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'No survivors' as Syria-bound Russian jet crashes

The jet was carrying 92 people, who included dozens of Red Army Choir members heading to celebrate the New Year with troops in Syria
General Eliseev, conductor of The Red Army Choir, smiles during the opening of the 49th International Festival of Carthage at the Roman Theatre of Carthage (AFP)
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A Russian military plane crashed Sunday in the Black Sea as it made its way to Syria with 92 people onboard, including more than 60 Red Army Choir members heading to celebrate the New Year with troops.

Local news agencies, citing the Russian defence ministry, said the Tu-154 plane had crashed shortly after take-off at 5:40 am local time (0240 GMT) from the southern city district of Adler, Sochi, where it had been refuelling.

Major-General Igor Konashenkov, a ministry spokesman, told reporters that nobody had survived.

"The area of the crash site has been established. No survivors have been spotted," he said. An unnamed ministry source told Russian news agencies no life rafts had been found, while another source told the Interfax agency that the plane had not sent an SOS signal.

In televised comments, President Vladimir Putin, speaking in St Petersburg, declared Monday a national day of mourning.

Defence ministry spokesman Igor Konashenkov had told Russian news agencies earlier on Sunday that one body had been recovered six kilometres off the coast of the resort city of Sochi, as a frantic search operation was carried out.

"Fragments of the Tu-154 plane of the Russian defence ministry were found 1.5 kilometres from the Black Sea coast of the city of Sochi at a depth of 50 to 70 metres," the ministry said.

The plane had been on a routine flight to Russia's Hmeimim airbase in western Syria, which has been used to launch air strikes in Moscow's military campaign supporting its ally President Bashar al-Assad in the country's devastating civil war.

Among the plane's 84 passengers were Russian servicemen as well as 64 members of the Alexandrov Ensemble, the army's official musical group also known as the Red Army Choir, and its conductor Valery Khalilov. They were headed to Syria to participate in New Year celebrations at the airbase.

There were also eight crew members on board, the ministry said.

Nine journalists were among the passengers, with state-run channels Pervy Kanal, NTV and Zvezda saying they each had three staff on board the flight.

A list of passengers published by the defence ministry also included Elizaveta Glinka, a doctor and charity worker who serves on the Kremlin human rights council.

Mikhail Fedotov, who heads the council, said Glinka was travelling to Syria to bring medication to a university hospital in the coastal city of Latakia near the airbase, agencies reported.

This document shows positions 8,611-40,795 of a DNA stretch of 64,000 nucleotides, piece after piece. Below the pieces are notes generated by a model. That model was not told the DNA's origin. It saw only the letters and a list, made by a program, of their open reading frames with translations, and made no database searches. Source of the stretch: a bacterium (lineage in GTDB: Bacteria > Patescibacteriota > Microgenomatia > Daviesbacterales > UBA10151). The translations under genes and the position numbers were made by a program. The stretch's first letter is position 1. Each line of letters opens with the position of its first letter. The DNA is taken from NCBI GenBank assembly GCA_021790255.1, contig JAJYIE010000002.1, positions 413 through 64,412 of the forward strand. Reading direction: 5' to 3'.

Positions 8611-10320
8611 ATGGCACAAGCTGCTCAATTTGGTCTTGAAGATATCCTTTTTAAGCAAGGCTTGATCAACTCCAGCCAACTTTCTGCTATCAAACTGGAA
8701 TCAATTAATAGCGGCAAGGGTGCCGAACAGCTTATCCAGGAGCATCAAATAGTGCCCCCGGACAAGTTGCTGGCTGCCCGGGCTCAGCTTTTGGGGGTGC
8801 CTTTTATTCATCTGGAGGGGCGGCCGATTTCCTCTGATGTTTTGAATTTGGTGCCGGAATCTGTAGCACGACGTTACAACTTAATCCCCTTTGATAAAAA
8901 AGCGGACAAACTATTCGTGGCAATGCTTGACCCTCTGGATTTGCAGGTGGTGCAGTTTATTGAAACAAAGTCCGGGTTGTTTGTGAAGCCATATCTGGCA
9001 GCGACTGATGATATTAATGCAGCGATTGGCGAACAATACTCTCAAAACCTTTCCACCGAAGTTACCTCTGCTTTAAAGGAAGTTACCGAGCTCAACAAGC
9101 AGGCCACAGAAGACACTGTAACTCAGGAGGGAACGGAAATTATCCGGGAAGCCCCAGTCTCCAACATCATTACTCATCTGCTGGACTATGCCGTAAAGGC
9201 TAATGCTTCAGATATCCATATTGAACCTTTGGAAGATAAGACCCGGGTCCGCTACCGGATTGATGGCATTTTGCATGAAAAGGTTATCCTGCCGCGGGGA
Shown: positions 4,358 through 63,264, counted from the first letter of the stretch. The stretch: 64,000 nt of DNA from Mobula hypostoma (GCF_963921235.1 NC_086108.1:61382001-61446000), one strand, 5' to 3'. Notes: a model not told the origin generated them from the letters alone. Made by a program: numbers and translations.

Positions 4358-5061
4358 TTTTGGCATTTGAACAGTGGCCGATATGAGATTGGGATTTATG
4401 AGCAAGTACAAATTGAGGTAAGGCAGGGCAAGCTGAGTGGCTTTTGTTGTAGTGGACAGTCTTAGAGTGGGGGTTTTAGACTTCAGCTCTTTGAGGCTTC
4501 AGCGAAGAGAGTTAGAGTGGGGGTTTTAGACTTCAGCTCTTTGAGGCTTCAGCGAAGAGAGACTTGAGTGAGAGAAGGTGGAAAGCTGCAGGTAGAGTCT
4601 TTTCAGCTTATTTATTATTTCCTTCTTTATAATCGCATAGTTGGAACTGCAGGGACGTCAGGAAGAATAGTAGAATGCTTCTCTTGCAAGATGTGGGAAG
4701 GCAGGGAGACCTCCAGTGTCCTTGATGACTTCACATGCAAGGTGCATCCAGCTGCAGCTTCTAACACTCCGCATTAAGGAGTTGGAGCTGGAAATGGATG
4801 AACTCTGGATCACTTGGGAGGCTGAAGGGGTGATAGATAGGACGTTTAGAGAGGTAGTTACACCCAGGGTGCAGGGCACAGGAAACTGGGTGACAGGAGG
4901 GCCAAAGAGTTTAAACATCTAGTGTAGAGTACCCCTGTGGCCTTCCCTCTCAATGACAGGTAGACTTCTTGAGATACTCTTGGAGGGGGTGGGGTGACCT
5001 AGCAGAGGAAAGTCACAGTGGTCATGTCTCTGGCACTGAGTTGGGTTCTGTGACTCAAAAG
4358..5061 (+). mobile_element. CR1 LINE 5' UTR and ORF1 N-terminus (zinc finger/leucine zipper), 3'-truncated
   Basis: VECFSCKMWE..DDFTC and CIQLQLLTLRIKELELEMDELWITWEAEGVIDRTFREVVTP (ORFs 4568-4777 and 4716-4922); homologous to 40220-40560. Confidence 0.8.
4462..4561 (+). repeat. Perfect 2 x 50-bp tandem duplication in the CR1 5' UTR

Putin orders Probe 

Kremlin spokesman Dmitry Peskov told news agencies that President Vladimir Putin had been informed of the situation and was being kept updated on the search operation.

"It's too early to say anything," agencies quoted Peskov as saying, adding that Putin was in constant contact with Defence Minister Sergei Shoigu. 

"The president is waiting for the picture to be clear."

Konashenkov said that Deputy Defence Minister Pavel Popov had flown to Adler along with a team tasked with clarifying the circumstances surrounding the crash.

President Vladimir Putin ordered the government to probe the crash, the Kremlin said Sunday.

"Russian President Vladimir Putin has ordered Prime Minister Dmitry Medvedev to form and head a state commission to investigative the crash of the Tu-154 plane in Sochi," the Kremlin said in a statement, adding that Putin expressed his deepest condolences to the families and friends of the victims of the crash. 

Meanwhile Syrian President Assad said he was "saddened by the crash" since the crew had wanted to celebrate his army's victory in Aleppo.

In a condolence message sent to Putin, Assad said the two countries were partners in the "fight to lay the foundations of stability, security and peace" in Syria.

German Chancellor Angela Merkel, Turkish Prime Minister Binali Yildirim and the US Embassy in Moscow also expressed condolences over the crash.

Investigations continue

Investigators are questioning the technical personnel responsible for preparing the plane for take-off, the committee said.

Tu-154 aircraft have been involved in a number of accidents in the past.

In April 2010, many high-ranking Polish officials, including then president Lech Kaczynski, were killed when a Tu-154 airliner went down in thick fog while approaching the Smolensk airport in western Russia.

Moscow has been conducting a bombing campaign in Syria in support of Assad since September 2015 and has taken steps to boost its presence in the country.

In October, Putin approved a law ratifying Moscow's deal with Damascus to deploy its forces in the country indefinitely, firming up Russia's long-term presence in Syria.

Russian warplanes have flown out of the Hmeimim base to conduct air strikes, and the base is also home to an S-400 air defence system.